How Cambridge Analytica led to weaponisation of social media platforms
IANS 03 October 2022
Before the social media platforms were weaponised by political parties and their leaders, Facebook CEO Mark Zuckerberg was once asked if users' data on his platform was at risk. He unambiguously had said 'No', adding that there was no way the data of his users could be breached or "improperly shared" on a large scale.
The massive Cambridge Analytica data scandal proved him wrong.
The Netflix documentary "The Great Hack" revealed the sordid tale of UK-based and now defunct political consultancy firm Cambridge Analytica and its role in swaying US voters in the 2016 Presidential elections, which brought Donald Trump to power via illegally accessing data of 87 million Facebook users.
It was two whistleblowers from Cambridge Analytica -- Brittany Kaiser and Christopher Wylie -- who blew the lid off the dark secrets of their CEO Alexander Nix.
Cambridge Analytica had 5,000 data points on every American -- invisible information that was not visible to anyone except the data scientists at the firm.
Wylie, 24, served as research director at Cambridge Analytica for a year-and-a-half and saw closely how the firm combined psychological research with private Facebook data of 87 million users to make an invisible weapon with the power to change what the US voters perceived as real in the 2016 presidential elections with Russian intrusion.
And when Britain shocked the world by voting to leave the European Union (EU), Wylie realised it was time to expose the associates.
"The story of Cambridge Analytica shows how our identities and behaviour have become commodities in the high-stake data trade, the companies that control the flow of information are among the most powerful in the world, the algorithms they have designed in secret are shaping minds in ways previously unimaginable," says Wylie.
The documentary touches upon the biggest fear of our lives: Social media platforms created to connect us have been weaponised and are being widely used to influence free and fair elections around the world, including in India.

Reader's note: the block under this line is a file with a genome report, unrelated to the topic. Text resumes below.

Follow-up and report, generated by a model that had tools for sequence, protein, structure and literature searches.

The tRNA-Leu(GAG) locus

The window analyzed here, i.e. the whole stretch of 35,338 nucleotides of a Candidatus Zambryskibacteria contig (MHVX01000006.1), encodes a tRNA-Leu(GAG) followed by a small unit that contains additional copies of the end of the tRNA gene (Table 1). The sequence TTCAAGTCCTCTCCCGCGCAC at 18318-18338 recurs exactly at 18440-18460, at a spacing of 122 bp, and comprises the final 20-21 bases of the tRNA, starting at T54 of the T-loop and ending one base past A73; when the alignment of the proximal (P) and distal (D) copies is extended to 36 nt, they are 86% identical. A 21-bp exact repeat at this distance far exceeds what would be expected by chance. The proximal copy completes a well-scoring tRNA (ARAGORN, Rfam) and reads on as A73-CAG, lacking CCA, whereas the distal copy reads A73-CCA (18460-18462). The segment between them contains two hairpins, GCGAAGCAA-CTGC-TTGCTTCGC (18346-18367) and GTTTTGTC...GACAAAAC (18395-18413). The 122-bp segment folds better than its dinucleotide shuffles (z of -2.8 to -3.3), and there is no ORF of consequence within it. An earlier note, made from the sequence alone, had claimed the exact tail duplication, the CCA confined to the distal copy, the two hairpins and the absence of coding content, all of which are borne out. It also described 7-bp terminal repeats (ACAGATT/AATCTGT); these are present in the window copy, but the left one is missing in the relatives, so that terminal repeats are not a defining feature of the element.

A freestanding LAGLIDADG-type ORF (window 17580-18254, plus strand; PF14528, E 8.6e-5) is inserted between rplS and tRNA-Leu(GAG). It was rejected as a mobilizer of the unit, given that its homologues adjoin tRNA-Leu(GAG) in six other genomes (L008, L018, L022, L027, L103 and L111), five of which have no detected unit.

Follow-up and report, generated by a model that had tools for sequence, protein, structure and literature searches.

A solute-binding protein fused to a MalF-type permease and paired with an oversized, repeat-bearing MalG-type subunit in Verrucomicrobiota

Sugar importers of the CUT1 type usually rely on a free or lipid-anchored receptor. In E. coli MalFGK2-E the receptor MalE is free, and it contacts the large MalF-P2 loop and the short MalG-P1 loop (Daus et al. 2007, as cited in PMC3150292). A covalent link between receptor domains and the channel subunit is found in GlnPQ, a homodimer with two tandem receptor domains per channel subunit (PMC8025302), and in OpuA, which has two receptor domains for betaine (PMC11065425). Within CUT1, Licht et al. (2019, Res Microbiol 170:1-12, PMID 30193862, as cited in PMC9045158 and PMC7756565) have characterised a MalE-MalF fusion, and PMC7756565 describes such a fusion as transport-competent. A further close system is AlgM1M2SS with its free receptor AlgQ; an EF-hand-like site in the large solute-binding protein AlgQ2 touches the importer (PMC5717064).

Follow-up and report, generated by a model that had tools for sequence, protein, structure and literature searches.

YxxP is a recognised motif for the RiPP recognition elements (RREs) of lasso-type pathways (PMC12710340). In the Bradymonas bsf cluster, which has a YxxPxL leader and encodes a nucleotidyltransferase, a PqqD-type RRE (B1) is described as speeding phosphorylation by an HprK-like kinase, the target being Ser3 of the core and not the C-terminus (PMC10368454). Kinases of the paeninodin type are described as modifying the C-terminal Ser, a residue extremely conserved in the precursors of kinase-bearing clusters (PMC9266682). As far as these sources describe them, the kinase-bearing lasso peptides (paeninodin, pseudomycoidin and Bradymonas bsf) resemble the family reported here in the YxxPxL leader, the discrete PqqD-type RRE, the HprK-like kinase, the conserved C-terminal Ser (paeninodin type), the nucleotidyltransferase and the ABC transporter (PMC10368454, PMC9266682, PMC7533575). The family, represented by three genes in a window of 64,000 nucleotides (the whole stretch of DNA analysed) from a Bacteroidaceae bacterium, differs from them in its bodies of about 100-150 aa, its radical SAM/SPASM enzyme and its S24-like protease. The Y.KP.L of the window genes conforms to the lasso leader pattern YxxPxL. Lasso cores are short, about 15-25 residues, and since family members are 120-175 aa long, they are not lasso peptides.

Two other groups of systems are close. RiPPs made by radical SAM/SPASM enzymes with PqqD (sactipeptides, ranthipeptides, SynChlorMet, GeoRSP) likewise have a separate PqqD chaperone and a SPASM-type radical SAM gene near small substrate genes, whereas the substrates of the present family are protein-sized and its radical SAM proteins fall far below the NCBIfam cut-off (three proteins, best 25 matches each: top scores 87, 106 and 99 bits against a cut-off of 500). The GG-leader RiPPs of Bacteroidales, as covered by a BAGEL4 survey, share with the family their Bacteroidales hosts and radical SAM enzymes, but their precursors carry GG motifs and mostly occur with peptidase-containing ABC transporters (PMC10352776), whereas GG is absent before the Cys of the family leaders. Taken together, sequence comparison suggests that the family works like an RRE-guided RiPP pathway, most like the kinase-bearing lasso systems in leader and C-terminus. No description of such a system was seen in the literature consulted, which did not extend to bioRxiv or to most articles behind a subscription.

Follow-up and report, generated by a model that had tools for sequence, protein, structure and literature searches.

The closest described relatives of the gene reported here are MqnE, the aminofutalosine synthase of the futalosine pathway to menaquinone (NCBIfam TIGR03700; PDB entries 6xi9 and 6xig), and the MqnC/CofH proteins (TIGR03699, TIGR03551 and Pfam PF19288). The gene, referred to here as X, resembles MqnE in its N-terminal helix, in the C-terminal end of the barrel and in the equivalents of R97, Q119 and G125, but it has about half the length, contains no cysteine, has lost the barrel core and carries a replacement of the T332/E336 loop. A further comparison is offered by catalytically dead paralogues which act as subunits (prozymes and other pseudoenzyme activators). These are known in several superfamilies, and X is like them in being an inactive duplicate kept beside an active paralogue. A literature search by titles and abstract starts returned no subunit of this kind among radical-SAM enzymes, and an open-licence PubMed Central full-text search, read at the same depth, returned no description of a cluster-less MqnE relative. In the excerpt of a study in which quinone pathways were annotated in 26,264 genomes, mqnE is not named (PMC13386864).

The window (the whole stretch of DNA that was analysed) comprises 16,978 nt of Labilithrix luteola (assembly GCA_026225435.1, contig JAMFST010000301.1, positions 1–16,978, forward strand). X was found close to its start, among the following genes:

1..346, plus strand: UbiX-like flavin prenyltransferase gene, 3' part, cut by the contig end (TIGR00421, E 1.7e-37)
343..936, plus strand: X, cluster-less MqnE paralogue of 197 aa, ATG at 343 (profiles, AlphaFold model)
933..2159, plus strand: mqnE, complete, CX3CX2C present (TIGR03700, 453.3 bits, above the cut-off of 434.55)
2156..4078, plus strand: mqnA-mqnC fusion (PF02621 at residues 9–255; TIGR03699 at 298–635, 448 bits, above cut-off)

India -- with nearly 500 million WhatsApp users, another over 300 million on Facebook and millions others on various social media platforms -- has also been affected by this global data colonisation exercise.
We have seen how targeted campaigns reach voters during elections via various platforms and how fake news spreads like a wildfire via WhatsApp.
Political parties have gone 24x7 on creating election-special content like issue-based memes, jokes, GIFs and short-format videos to bombard various social media platforms and woo millions of voters.
"Some political parties have appointed social media 'warriors' to reach out to the public on digital platforms. They are working round-the-clock as political content aggregators, preparing fiery content for social media trollers," according to social media expert Anoop Mishra.
According to Mishra, political parties know that the more they send fake and misleading content to the public during elections, the more viral it will become.
"The more viral the fake content becomes, the more it will serve its purpose. Most people do not check the genuineness of the content while forwarding it," he noted.
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